Another seasoned Washington veteran of contentious antitrust reviews and an expert in telecom policy says that it would be a “significant departure” for DoJ to oppose the AT&T-Time Warner deal.
“It’s hard to ignore the fact that last October candidate Trump flatly said that this specific transaction was ‘a deal we will not approve in my administration.’
“While it’s true that behavioral conditions have often been rather ineffective in protecting competition, it’s ironic that many public interest groups that decry practically everything this Justice Department does are finding themselves on the same side in this case,” he says.
It’s also hard to ignore two other relevant facts: that Trump and his inner circle don’t care for CNN’s coverage of their administration and might well be looking to punish its corporate parent; and the Federal Communication Commission’s recently unveiled decision on net neutrality suggests that the administration doesn’t always put consumer interests at the top of its priority list.
Much is stake in these deliberations. Proponents of the deal maintain that it will enable the merged entity to offer reasonably priced programming packages and popular TV channels a la carte, which could trigger lower prices and forge greater consumer choice in technology and entertainment.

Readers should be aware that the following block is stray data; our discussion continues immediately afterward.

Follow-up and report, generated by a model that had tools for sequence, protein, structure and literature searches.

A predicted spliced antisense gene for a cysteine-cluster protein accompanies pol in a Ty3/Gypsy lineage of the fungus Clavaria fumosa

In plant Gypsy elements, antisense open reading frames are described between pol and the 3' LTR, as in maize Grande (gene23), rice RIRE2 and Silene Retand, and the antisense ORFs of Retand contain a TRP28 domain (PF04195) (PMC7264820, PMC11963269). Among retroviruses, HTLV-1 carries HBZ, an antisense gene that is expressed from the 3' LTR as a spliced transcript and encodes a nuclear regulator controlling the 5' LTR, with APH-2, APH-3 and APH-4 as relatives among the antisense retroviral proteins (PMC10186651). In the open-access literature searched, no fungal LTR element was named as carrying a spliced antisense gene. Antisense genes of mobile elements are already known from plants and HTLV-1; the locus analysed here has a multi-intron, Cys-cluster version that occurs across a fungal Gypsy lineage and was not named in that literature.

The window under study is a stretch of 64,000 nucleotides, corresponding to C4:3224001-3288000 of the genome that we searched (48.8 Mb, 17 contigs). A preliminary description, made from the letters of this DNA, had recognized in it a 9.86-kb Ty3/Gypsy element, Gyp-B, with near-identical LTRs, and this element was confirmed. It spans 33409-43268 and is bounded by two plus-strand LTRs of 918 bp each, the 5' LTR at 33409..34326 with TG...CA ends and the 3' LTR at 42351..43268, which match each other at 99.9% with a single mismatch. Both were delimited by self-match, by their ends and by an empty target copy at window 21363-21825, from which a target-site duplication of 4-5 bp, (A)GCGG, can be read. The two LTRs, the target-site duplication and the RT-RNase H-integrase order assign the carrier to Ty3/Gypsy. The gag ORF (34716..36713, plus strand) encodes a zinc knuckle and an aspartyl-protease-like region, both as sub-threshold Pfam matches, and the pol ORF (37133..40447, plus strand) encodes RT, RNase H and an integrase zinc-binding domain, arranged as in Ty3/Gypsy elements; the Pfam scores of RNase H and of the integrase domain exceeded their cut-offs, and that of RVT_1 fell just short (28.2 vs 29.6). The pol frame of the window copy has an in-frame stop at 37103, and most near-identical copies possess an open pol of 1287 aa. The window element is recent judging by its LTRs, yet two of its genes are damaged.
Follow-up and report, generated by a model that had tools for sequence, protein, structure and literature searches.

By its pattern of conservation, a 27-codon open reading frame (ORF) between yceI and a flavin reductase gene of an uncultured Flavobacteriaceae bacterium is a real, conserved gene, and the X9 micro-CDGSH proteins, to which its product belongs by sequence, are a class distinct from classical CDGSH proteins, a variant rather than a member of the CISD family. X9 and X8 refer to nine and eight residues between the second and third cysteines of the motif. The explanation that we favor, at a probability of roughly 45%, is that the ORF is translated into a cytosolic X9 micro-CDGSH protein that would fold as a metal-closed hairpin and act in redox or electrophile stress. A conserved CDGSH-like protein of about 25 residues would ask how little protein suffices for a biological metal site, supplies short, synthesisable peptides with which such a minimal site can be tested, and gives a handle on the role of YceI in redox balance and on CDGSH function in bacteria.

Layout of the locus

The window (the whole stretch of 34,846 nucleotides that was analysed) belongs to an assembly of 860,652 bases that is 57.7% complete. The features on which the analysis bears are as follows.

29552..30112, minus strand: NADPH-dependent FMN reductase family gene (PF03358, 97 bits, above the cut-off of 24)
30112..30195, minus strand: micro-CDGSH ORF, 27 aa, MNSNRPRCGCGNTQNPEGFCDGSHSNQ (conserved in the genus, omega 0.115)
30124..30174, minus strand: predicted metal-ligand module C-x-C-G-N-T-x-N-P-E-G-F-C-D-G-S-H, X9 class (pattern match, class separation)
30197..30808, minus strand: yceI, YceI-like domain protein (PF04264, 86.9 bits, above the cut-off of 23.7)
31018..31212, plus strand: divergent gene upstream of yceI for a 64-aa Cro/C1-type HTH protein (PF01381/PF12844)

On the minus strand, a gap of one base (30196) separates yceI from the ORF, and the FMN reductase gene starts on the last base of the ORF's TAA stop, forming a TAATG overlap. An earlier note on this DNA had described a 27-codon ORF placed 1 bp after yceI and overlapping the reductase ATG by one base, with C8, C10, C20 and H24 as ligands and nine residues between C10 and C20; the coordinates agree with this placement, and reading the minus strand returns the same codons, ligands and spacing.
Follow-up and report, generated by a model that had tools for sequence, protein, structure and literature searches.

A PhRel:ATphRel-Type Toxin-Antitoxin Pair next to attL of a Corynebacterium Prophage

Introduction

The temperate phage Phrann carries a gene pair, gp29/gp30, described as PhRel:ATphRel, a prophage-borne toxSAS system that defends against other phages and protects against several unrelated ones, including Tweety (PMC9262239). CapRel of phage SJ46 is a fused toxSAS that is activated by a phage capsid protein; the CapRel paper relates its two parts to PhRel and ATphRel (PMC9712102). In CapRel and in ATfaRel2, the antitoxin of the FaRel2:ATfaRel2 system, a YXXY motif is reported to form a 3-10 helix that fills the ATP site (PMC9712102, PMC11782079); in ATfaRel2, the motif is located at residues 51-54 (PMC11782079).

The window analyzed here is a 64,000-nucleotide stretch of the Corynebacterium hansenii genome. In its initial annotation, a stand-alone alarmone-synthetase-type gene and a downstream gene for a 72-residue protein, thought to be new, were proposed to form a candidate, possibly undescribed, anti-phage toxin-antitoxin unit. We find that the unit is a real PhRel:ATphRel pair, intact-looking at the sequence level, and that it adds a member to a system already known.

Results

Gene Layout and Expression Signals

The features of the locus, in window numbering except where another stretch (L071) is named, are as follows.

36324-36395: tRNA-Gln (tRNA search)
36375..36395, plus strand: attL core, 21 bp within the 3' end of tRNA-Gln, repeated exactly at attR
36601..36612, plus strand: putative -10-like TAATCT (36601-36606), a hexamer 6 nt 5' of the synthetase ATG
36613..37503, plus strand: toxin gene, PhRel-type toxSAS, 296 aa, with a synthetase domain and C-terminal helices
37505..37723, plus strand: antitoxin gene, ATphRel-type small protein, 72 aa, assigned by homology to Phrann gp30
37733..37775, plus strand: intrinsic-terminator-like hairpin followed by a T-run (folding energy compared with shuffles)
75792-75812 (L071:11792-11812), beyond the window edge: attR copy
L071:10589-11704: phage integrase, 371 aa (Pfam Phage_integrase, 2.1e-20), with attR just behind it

Opponents argue that a merger would inevitably lead to higher monthly consumer bills and a stifling of technological development. Critics worry that consumers might be forced to subscribe to AT&T’s services to gain access to Time Warner programming.
Look for the pro-merger forces to pursue an aggressive communications strategy that spotlights the job growth, marketplace efficiencies, and competitive benefits that an approved merger could bring to the U.S. economy and grassroots consumers. Get ready for white papers, testimonials from left- and right-wing commentators, endorsements from such disparate allies as corporate CEOs and one-time labor activists, and a barrage of broadcast appearances and op-eds authored by everyone from Nobel laureate economists to the head of the local cable outlet.
The anti-merger forces will be sure to retort with counterpunches of their own, thrown by the likes of Public Knowledge, the Writer’s Guild of America, Bannon allies, and other elements of the incongruent coalition that’s rallied to this cause. Watch the way both sides distill arcane metrics of market dominance into sound bites that may or may not illuminate understanding of the issue.
Very soon, we may not need our usual amounts of morning caffeine: a quick glance at an op-ed page ought to get everyone’s heart thumping.
Neither side is likely to play “rope-a-dope”: this bout is almost certain to be contested toe-to-toe in the middle of the ring. It may not be Ali vs. Joe Frazier in Manila. But it’s the closest Washington may ever come.
About the Author: Richard Levick, Esq., @richardlevick, is Chairman and CEO of LEVICK, a global communications and public affairs agency specializing in risk, crisis, and reputation management. He is a frequent television, radio, online, and print commentator.